Hey there, time traveller!
This article was published 4/9/2012 (1630 days ago), so information in it may no longer be current.
It’s a year later than the players and coaches would have liked, but the game is finally changing for the University of Winnipeg soccer program.
After two seasons dominating the Manitoba Colleges Athletic Conference — going undefeated in men’s and women’s play both years — the Wesmen are set to join the Canada West conference of Canadian Interuniversity Sport.
The level of competition is about to go through the roof, and the women’s team can’t wait for Sept. 7, when they open their regular season against their crosstown rivals from the University of Manitoba.
"We knew we should be there (in CIS)," said Serafina Trunzo, a midfielder from Linden Woods who has been with the program since it was launched in 2010. "It’s exciting to be able to travel like the basketball and volleyball teams."
Two years in the MCAC — playing against the likes of Canadian Mennonite University and Providence University College — gave the program a foundation, but now things get really interesting.
"There’s more pressure now on the players to do well," said head coach Mick Gale. "Once we started with the pre-season, they had to switch off everything else and think their one channel is their training channel."
That means no time for part-time jobs anymore; just school, soccer or sleep.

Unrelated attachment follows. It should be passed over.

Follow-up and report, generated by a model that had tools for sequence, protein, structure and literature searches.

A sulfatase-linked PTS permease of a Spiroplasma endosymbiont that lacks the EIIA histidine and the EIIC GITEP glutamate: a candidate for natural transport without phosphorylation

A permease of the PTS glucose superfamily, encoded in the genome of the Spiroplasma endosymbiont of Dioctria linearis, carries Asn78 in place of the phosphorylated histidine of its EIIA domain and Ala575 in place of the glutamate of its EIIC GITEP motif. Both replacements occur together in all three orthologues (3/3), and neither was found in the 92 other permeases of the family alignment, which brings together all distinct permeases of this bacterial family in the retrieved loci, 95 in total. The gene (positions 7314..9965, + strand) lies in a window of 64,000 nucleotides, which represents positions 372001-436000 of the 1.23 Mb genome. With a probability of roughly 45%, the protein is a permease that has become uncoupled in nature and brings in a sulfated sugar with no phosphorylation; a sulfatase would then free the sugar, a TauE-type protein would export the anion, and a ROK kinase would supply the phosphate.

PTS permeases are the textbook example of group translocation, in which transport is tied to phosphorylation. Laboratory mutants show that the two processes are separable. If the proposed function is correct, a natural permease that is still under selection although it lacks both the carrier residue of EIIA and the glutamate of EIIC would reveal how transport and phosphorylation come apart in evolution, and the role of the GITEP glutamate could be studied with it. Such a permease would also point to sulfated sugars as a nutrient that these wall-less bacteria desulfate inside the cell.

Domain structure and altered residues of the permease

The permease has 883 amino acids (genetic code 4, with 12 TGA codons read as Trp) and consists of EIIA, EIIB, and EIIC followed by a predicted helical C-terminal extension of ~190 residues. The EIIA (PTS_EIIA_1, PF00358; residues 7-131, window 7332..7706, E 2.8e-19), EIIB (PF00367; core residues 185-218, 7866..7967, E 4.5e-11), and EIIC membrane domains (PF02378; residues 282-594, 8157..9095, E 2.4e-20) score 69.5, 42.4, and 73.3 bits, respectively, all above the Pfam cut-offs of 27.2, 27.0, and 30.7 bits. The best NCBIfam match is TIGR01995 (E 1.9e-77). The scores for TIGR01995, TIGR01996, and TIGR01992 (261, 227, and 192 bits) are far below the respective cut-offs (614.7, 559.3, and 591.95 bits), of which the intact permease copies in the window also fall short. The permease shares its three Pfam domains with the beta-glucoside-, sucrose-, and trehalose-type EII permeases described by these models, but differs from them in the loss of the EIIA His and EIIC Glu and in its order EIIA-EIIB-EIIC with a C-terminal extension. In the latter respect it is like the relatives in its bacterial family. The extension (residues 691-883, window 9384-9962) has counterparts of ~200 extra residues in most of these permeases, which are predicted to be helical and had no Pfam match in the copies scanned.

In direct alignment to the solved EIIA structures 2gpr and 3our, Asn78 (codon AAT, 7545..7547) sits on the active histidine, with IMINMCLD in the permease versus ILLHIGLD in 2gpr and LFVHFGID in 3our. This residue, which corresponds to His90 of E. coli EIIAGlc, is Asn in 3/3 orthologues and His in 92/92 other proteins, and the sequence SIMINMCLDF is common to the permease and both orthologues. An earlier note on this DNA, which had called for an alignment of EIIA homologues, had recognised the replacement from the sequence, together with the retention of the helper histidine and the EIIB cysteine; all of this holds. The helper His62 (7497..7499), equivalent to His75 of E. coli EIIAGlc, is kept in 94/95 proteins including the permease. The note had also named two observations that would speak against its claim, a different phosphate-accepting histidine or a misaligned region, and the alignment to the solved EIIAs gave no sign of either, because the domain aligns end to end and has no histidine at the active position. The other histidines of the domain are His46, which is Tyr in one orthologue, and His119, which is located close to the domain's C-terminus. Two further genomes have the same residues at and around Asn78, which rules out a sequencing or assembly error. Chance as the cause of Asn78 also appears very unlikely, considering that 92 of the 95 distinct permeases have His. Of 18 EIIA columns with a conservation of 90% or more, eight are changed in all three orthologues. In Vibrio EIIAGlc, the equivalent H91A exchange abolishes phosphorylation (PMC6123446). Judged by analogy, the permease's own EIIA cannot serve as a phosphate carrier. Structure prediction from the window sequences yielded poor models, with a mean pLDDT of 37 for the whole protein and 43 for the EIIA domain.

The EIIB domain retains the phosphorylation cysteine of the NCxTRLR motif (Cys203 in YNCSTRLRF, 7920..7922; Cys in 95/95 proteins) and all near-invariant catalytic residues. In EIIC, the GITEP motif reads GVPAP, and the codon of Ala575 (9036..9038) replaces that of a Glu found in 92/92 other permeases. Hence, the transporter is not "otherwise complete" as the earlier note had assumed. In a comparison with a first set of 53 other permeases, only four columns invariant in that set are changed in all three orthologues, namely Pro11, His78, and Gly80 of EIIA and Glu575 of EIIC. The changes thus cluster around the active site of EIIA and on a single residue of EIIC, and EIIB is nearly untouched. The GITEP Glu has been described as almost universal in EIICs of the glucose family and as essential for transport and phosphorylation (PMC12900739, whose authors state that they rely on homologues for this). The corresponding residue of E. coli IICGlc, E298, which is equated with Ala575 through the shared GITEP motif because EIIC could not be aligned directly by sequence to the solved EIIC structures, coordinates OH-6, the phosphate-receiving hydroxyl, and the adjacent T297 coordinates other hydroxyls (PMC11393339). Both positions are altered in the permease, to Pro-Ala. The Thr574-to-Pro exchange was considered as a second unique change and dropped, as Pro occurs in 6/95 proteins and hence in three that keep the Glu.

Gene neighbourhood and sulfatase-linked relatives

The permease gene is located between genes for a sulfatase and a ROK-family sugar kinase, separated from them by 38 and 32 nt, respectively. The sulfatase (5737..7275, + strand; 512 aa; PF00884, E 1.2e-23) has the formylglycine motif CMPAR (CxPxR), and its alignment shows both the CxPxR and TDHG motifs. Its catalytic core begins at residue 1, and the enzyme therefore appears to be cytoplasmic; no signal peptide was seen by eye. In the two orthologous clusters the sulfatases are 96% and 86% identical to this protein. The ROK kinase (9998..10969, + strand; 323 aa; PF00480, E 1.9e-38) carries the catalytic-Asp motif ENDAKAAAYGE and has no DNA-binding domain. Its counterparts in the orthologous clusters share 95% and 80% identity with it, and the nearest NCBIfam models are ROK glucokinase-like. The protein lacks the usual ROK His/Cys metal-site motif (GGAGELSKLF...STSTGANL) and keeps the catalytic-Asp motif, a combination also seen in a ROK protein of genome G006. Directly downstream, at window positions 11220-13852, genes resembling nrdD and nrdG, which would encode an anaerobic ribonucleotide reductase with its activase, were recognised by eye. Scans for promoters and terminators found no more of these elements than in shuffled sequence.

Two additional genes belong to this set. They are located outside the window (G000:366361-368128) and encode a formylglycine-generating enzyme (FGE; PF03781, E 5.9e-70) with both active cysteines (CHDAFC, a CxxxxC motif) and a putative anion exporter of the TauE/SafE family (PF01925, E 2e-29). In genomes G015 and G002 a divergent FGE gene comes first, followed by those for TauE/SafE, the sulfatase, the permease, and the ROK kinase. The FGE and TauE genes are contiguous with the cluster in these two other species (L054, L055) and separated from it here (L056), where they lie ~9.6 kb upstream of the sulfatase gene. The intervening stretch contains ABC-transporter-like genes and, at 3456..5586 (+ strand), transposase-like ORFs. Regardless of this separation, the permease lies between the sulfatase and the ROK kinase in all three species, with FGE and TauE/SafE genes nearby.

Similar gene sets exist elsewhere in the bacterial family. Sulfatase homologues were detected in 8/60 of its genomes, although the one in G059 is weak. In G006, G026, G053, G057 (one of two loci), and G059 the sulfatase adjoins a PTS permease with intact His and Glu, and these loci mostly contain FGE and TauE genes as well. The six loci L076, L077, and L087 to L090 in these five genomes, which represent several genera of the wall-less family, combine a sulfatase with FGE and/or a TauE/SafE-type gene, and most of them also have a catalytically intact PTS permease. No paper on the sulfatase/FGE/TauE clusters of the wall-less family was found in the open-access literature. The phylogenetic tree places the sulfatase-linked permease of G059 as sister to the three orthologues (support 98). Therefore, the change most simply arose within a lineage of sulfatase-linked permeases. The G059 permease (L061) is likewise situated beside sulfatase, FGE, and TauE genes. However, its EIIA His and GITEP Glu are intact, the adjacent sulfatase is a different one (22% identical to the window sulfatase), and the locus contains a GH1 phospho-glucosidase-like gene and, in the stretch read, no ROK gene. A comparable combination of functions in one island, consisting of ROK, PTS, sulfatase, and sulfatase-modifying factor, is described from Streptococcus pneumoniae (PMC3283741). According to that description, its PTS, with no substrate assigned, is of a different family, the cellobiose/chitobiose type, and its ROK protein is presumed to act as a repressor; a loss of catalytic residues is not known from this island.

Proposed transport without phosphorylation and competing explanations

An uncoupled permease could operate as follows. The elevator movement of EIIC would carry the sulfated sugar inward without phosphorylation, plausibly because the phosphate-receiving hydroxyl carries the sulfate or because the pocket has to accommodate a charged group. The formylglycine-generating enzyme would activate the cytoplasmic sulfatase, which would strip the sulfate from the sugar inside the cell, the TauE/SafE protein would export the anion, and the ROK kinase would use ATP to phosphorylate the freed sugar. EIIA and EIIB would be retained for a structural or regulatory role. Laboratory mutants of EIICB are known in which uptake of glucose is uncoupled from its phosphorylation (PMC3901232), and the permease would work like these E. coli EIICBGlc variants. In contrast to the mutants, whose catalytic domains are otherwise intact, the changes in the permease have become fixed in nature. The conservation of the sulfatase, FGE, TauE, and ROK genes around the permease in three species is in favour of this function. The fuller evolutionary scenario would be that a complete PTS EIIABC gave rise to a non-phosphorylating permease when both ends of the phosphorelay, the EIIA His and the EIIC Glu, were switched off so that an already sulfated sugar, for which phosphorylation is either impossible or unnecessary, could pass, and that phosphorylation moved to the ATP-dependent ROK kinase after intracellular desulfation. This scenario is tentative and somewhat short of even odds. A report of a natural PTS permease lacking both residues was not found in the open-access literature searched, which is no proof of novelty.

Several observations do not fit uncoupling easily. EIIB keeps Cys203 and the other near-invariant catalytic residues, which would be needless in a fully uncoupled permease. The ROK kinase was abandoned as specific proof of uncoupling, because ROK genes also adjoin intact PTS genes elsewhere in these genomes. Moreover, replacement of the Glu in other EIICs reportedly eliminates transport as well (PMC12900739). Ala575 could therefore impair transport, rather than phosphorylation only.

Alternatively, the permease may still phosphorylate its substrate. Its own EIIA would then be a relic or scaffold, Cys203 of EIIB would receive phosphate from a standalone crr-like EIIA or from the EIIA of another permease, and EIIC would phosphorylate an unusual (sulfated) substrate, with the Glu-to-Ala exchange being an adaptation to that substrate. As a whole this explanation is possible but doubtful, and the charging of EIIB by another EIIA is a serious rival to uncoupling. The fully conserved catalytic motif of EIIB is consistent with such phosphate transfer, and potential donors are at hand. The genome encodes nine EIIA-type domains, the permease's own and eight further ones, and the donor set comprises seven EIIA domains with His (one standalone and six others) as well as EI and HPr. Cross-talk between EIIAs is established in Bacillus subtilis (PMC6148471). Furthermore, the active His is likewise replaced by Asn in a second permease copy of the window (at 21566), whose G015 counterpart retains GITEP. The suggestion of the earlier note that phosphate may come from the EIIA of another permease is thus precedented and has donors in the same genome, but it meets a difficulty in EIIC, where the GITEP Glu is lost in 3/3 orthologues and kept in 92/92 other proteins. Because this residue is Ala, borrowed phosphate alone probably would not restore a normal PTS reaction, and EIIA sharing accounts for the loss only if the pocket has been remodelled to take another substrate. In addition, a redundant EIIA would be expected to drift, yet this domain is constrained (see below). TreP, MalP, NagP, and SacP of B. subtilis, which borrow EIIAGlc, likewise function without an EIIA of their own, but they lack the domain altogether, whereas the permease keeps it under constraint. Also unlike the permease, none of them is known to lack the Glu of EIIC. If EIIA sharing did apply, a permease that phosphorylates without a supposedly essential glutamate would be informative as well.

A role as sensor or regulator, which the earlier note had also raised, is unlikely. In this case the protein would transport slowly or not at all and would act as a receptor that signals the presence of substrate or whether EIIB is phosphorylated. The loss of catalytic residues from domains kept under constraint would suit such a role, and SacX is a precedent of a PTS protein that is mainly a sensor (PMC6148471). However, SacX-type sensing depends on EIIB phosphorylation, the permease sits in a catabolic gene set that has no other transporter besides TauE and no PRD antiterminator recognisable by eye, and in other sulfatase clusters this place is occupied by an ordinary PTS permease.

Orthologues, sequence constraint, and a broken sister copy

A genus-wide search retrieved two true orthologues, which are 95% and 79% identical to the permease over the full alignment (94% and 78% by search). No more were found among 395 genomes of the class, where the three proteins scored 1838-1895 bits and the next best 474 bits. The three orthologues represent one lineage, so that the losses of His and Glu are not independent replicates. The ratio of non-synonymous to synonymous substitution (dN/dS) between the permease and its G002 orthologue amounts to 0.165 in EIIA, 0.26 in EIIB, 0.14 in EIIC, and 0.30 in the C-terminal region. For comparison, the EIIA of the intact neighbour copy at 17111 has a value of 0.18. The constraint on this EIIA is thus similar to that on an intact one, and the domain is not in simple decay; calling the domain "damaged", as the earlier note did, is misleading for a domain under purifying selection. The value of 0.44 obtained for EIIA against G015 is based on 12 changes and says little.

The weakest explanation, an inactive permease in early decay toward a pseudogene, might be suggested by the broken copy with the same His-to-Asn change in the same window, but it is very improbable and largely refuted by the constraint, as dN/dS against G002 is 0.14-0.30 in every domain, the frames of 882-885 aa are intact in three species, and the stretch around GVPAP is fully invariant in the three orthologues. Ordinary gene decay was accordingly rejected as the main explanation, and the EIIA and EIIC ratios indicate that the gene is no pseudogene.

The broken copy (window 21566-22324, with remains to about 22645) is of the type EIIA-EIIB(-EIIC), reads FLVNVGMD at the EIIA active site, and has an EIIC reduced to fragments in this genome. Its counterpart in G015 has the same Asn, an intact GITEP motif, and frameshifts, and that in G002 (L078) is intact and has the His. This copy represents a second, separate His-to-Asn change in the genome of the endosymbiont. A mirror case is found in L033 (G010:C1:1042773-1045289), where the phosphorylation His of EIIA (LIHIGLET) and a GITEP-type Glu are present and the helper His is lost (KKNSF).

The Wesmen played a handful of exhibition games last year against CIS and NCAA Division II teams, and took part in a pre-season tournament last month at U of M, so they know what they’re up against.
"It’s a bit of an eye-opener," Gale said.
Sheri Hince, a St. Vital resident making the move from midfield to striker this year, said the on-field challenge is just as daunting as the extra commitment that’s now required.
"It’s a lot different," said the 22-year-old, who also joined the team in 2010. "It’s a quicker pace, and definitely more aggressive."
Gale and his players all agree that qualifying for the conference playoffs — eight of the 10 Canada West teams qualify — would make it a successful first season.
"That’s a huge goal for us," Hince said. "It’s going to be difficult."
While most CIS teams have 20 or more players on their roster, the Wesmen will be going with 18 this year. Gale believes by giving everyone an opportunity to play he’ll have a more complete team.
The move has also changed recruiting for the better. Gale has added players from B.C.,
Quebec and Minnesota, and is scouring the province for players who aren’t known commodities in the local soccer community.
"I’ve got to look that way," he said. "There’s kids getting full rides in the U.S. out in some of these places, so there’s got to be something happening in these districts."
As for local players, there is already a rivalry forming with the Bisons for both recruitment and on-field competition.
What would an upset win over the more established program mean to the Wesmen?
"It would show we’re here," Trunzo said. "It would be an eye-opener for everyone else."
The Wesmen face the Bisons at 6 p.m. on Sept. 7 at the Winnipeg Soccer Complex. The Wesmen take on the University of Northern British Columbia on Sept. 8 at 4 p.m., also at the WSC.